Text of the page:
The God Of The Gaps Fallacy

A fallacy is a mistaken belief based on unsound arguments.  I explored, in part, the god of the gaps in a recent article about Bertrand Russell’s teapot.  It’s not a fallacy to argue that believers in god have appealed to the god of the gaps, or the argument from ignorance.  We can examine this through history.

There was a time religion argued the Earth was the center of the Universe, an argument that would give credence to a god imbuing our planet with a special significance in the Universe.  Once science explained that this was a fallacy,  it became an untenable position to argue the case for god from.

Before Darwin it was easy for theologians to argue the case for creation, for it was difficult for people to conceive of the complexity and diversity of life without evolution by natural selection.  Now that this science is well understood, most theologians have either retreated from the argument of creation altogether or proposed intelligent design, or creationism 2.0, in its place.  Of course there are those who still argue for creation and deny evolution entirely, but they make for disturbingly poor arguments at best.

Now that scientists can explain in great detail how the Universe operates, first due to Newtonian physics, and then Einstein’s theory of relativity, theologians dwell within the singularity, the moment of, and prior to the big bang, to promote the case for god.  If science uncovers the full truth of how these events unfolded in great detail, that gap in knowledge, previously filled in with god by Christian apologists, will vanish.  Where then will theologians make the case for god from?  Well, there’s always revelation and the ‘where would you get morals from if not god’ arguments.

Another way of looking at Bertrand Russell’s teacup and the ‘god of the gaps’ is when someone asserts, “While I cannot prove to you that there is a god, you cannot prove to me that there is not a god”.  Well, Bertrand can’t prove to you that there’s not a teacup orbiting our Sun, or some distant star, that is too small for any current technology to observe, but equally you cannot prove that this teacup does not exist.  The teacup is of course an absurd proposition, but no less absurd than the god argument in this context.

The god of the gaps is the equivalent from arguing a case from ignorance.  Scientists do not do this.  As stated above, when they don’t know something, they appeal to the ancient and humble wisdom of the phrase, “I don’t know”.  If a scientist does proclaim to know something that they don’t have any evidence for, they’re not practicing good science, and they’ll be called out on it by the scientific community.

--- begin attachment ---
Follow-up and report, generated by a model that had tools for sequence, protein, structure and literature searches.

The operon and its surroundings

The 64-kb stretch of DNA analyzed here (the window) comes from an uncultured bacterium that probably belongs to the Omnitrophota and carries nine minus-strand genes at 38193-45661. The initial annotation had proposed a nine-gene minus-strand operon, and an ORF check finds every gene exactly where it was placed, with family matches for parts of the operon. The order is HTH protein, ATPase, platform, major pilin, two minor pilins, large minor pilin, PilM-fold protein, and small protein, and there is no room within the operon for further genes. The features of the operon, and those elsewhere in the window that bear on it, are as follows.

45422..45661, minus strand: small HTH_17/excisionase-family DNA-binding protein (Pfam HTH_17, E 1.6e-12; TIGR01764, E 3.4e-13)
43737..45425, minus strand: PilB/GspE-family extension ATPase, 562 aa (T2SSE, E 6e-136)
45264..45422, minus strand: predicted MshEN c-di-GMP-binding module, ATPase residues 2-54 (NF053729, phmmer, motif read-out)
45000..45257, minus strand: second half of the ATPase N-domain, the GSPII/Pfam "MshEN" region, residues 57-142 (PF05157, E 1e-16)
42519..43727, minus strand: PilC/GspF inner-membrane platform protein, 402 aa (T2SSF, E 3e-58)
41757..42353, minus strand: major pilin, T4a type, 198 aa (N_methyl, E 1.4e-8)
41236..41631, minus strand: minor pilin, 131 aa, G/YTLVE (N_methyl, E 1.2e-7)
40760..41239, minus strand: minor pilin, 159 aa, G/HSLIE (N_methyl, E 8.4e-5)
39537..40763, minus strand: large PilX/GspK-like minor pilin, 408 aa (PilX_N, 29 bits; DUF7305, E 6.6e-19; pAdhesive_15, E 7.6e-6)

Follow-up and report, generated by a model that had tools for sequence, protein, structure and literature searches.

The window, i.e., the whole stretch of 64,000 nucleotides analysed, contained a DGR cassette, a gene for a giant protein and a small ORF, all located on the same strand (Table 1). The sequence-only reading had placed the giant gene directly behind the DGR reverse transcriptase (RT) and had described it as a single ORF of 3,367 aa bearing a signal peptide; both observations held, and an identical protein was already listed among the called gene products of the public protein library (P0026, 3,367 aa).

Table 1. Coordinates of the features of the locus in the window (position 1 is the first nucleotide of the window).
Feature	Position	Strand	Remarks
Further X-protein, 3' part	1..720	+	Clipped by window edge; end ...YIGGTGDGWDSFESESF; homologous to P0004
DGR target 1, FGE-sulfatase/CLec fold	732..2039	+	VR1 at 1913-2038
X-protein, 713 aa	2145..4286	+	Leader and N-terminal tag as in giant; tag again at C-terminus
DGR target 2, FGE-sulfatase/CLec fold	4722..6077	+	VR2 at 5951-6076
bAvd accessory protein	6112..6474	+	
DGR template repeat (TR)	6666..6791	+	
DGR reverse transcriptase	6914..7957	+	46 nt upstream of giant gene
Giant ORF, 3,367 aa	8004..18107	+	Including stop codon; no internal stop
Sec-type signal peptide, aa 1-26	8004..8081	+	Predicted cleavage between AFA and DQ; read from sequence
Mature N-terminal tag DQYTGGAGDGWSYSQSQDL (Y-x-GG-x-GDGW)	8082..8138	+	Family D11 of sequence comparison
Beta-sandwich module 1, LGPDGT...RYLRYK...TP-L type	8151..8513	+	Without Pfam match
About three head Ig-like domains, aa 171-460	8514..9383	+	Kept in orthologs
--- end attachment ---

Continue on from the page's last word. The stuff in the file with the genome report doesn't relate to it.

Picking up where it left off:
“Chance, like God, can become a stop-gap for ignorance.”  – William Dembski

As argued above, the premises leading up to this conclusion are false.  Scientists don’t want nor need appeal to the supernatural, because by definition the supernatural is outside the laws of nature, which of course includes falling outside the purview of the laws of physics.  Theologians use god as a stop-gap because they do not have evidence.  They have faith, and through that faith they have presuppositions, and then look for science to back up these presuppositions.  This is not how science is done, and thus any science they use to argue for the existence of god is tenuous and intellectually dishonest.

If any readers disagree with the points I’ve made then please raise your objections in the comments and we can discuss.  To me, this quote from William Dembski is not logical, and misses out on the spirit of the entire enterprise of science.  If vampires, fairies, unicorns, or anything else considered supernatural could be observed and understood through biology, then it would not be supernatural.  It would be natural.  We have never observed anything to date that requires an appeal to the supernatural, because everything we’ve observed has a natural explanation.George Carlin Quote